Negative Energy, Wormholes and Warp Drive; January 2000; Scientific American Magazine; by Ford, Roman; 8 Page(s)
Can a region of space contain less than nothing? Common sense would say no; the most one could do is remove all matter and radiation and be left with vacuum. But quantum physics has a proven ability to confound intuition, and this case is no exception. A region of space, it turns out, can contain less than nothing. Its energy per unit volume-the energy density-can be less than zero.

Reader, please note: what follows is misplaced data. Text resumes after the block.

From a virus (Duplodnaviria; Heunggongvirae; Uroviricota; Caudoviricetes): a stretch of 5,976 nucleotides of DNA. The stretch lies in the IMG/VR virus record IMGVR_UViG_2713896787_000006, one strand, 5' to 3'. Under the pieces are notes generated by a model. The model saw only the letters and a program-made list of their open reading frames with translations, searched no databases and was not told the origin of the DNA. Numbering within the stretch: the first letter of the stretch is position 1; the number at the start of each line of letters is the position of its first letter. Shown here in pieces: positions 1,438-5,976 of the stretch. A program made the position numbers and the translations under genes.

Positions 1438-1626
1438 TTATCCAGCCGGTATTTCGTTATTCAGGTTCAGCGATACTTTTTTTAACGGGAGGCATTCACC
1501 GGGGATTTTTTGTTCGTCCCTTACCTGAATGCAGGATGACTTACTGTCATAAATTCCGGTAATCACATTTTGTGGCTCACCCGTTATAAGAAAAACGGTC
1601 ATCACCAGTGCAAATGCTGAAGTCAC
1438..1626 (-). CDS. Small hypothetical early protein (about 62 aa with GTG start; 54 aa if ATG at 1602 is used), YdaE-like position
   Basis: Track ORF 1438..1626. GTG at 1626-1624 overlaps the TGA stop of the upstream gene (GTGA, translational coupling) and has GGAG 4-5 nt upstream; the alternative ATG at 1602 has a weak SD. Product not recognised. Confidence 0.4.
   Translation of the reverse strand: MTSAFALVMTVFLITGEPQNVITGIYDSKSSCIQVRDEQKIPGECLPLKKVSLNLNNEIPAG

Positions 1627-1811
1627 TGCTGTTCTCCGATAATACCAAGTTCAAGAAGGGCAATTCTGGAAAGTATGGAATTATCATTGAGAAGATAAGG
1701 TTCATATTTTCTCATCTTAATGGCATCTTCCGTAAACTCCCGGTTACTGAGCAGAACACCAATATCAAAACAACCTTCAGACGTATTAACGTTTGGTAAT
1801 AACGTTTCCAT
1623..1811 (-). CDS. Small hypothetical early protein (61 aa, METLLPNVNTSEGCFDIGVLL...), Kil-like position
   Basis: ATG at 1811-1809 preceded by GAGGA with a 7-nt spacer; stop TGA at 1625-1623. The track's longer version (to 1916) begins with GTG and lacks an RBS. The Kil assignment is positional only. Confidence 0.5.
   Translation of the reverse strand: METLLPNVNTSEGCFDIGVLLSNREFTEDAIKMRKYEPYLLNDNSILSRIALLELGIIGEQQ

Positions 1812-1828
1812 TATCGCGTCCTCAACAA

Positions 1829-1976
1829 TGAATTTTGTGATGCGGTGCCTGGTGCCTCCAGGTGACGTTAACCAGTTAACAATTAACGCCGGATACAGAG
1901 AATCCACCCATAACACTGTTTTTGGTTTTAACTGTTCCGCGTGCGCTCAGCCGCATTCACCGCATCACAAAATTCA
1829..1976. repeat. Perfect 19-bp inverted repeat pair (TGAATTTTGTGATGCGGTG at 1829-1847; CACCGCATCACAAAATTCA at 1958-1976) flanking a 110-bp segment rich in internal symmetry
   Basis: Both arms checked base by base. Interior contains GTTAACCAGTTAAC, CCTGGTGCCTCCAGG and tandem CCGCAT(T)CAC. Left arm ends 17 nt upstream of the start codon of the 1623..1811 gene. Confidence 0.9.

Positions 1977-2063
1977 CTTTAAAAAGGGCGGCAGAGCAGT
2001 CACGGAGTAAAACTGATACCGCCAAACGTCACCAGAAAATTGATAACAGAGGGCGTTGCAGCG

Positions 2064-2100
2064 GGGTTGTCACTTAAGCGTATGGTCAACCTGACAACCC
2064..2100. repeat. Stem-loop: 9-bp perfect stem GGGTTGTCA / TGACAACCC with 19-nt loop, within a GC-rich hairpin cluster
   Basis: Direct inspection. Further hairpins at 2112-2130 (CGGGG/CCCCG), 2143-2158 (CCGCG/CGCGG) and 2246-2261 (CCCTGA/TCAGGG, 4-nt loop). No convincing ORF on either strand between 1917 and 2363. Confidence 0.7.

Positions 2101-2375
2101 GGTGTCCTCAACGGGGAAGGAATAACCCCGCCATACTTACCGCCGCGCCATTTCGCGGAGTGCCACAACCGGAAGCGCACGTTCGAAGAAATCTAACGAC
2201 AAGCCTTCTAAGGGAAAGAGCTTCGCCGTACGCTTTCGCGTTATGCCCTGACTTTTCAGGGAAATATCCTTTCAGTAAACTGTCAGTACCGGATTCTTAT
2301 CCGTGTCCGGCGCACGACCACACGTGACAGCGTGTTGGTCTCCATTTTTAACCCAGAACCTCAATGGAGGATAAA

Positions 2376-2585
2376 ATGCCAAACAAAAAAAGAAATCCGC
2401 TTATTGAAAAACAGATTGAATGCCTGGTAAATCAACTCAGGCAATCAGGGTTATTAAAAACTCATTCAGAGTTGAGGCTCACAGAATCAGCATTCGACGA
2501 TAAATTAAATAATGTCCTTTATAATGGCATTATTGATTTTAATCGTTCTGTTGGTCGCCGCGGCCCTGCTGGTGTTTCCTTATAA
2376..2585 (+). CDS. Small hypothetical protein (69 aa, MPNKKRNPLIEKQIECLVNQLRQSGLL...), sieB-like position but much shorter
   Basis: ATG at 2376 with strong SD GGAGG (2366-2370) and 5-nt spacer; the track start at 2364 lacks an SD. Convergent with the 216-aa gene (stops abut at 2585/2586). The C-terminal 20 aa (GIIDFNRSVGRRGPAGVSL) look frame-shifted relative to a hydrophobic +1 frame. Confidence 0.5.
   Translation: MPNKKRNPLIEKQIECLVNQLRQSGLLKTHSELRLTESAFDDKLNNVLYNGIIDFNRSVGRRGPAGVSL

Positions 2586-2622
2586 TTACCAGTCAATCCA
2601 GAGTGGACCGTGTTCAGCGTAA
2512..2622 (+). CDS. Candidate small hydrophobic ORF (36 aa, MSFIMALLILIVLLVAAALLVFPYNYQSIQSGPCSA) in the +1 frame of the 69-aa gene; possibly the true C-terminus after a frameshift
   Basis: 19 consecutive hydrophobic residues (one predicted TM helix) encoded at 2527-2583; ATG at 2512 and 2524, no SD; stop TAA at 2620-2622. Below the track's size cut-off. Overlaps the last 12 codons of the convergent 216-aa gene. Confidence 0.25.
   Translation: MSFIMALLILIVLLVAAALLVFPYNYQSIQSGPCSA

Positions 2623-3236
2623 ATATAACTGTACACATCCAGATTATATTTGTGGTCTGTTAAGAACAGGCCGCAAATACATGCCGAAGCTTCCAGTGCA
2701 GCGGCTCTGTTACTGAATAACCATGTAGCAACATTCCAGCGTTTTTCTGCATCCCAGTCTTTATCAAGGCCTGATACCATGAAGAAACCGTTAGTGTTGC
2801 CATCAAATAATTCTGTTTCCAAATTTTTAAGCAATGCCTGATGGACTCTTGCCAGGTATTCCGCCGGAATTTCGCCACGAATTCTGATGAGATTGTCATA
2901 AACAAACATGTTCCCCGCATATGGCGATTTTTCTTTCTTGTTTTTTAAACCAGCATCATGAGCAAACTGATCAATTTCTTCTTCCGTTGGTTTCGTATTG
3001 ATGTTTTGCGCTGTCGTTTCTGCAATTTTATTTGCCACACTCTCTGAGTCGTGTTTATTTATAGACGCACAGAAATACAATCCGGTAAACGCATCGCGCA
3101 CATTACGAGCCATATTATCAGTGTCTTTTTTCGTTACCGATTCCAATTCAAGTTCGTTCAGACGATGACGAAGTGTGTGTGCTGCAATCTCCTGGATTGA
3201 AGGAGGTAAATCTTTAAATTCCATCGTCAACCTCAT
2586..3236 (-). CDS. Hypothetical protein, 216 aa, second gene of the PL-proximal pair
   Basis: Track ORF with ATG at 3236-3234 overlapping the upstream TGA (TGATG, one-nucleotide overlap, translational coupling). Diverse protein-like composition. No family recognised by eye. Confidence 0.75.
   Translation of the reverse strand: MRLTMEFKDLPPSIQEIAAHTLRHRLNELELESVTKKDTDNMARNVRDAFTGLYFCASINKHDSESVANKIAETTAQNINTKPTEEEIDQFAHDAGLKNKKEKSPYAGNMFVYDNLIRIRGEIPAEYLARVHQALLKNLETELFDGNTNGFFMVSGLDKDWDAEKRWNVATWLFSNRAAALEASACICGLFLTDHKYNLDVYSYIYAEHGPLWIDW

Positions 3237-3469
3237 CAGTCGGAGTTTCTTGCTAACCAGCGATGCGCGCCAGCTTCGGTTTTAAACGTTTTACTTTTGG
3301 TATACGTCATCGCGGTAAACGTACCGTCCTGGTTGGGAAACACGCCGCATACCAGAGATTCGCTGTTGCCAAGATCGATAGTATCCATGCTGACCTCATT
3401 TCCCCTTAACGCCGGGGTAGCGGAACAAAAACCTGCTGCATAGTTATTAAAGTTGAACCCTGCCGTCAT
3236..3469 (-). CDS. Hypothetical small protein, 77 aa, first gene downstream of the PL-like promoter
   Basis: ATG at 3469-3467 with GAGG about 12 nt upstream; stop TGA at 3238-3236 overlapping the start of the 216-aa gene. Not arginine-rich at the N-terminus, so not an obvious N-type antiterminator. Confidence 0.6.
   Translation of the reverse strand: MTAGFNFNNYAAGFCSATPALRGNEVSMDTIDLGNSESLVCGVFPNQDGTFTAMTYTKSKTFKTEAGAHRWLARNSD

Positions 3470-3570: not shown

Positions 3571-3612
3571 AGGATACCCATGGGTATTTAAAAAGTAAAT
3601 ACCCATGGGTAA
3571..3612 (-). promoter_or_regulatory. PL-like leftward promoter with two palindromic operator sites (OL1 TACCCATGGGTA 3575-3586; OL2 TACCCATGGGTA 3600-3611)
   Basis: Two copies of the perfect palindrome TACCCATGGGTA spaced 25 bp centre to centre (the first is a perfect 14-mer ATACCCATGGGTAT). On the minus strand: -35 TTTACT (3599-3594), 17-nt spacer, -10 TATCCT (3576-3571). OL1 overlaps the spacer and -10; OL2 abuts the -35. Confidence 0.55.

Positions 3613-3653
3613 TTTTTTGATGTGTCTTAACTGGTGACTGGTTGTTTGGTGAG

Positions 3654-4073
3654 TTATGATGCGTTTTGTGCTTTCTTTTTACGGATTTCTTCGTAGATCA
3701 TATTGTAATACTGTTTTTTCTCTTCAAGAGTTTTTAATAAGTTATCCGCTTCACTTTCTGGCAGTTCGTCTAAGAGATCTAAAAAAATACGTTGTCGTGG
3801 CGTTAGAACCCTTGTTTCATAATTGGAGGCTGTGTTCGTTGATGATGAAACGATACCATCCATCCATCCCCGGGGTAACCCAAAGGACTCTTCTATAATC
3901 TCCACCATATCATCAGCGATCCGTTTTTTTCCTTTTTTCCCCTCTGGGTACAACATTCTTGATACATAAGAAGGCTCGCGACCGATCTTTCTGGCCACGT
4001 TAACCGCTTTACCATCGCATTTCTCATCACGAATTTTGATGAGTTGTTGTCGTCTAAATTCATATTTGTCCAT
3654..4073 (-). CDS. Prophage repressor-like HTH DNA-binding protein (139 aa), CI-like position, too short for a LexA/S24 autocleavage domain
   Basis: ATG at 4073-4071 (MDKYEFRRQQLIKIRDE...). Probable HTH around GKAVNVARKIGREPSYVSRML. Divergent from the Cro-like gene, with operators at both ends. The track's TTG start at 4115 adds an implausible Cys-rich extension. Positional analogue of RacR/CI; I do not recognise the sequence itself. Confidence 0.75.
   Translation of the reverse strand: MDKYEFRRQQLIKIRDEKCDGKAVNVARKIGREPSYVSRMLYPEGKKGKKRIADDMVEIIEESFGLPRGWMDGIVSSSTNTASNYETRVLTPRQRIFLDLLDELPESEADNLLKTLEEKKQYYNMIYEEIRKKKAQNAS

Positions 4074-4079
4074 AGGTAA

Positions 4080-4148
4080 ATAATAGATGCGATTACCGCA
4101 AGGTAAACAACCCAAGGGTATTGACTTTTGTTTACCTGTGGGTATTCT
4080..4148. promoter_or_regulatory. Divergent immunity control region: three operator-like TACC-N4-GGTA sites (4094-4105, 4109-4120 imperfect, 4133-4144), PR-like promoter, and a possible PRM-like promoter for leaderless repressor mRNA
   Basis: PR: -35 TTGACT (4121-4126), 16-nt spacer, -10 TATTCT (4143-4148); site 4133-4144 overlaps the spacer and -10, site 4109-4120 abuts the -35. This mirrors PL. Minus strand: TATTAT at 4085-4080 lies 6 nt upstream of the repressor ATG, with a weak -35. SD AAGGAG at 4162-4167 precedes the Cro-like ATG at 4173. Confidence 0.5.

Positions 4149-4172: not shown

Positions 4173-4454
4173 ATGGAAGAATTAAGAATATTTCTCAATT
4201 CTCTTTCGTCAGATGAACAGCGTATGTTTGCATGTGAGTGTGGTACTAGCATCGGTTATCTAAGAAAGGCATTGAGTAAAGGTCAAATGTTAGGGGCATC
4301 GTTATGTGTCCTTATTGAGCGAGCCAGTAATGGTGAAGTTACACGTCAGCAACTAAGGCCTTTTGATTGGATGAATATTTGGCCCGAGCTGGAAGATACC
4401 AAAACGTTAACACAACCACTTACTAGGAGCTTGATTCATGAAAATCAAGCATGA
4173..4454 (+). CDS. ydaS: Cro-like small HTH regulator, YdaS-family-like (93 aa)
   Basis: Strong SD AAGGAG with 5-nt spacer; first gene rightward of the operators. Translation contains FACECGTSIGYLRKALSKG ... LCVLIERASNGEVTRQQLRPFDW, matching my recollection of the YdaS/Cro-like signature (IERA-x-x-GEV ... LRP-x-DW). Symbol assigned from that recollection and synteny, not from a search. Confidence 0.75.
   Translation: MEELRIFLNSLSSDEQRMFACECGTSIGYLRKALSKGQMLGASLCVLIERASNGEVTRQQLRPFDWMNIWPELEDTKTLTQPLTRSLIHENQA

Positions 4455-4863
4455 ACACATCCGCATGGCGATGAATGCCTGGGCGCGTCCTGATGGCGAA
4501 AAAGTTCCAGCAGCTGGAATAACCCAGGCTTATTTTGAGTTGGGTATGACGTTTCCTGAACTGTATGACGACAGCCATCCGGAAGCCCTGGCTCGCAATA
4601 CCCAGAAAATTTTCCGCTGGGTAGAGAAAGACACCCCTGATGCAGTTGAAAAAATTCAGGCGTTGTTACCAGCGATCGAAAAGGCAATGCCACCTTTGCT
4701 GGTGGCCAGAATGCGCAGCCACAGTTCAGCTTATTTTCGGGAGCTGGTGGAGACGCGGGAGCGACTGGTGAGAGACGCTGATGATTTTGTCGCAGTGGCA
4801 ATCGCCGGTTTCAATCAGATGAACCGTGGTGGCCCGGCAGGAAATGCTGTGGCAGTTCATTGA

Needless to say, the implications are bizarre. According to Einstein's theory of gravity, general relativity, the presence of matter and energy warps the geometric fabric of space and time. What we perceive as gravity is the space-time distortion produced by normal, positive energy or mass. But when negative energy or mass¿-so-called exotic matter-bends space-time, all sorts of amazing phenomena might become possible: traversable wormholes, which could act as tunnels to otherwise distant parts of the universe; warp drive, which would allow for faster-than-light travel; and time machines, which might permit journeys into the past. Negative energy could even be used to make perpetual-motion machines or to destroy black holes. A Star Trek episode could not ask for more.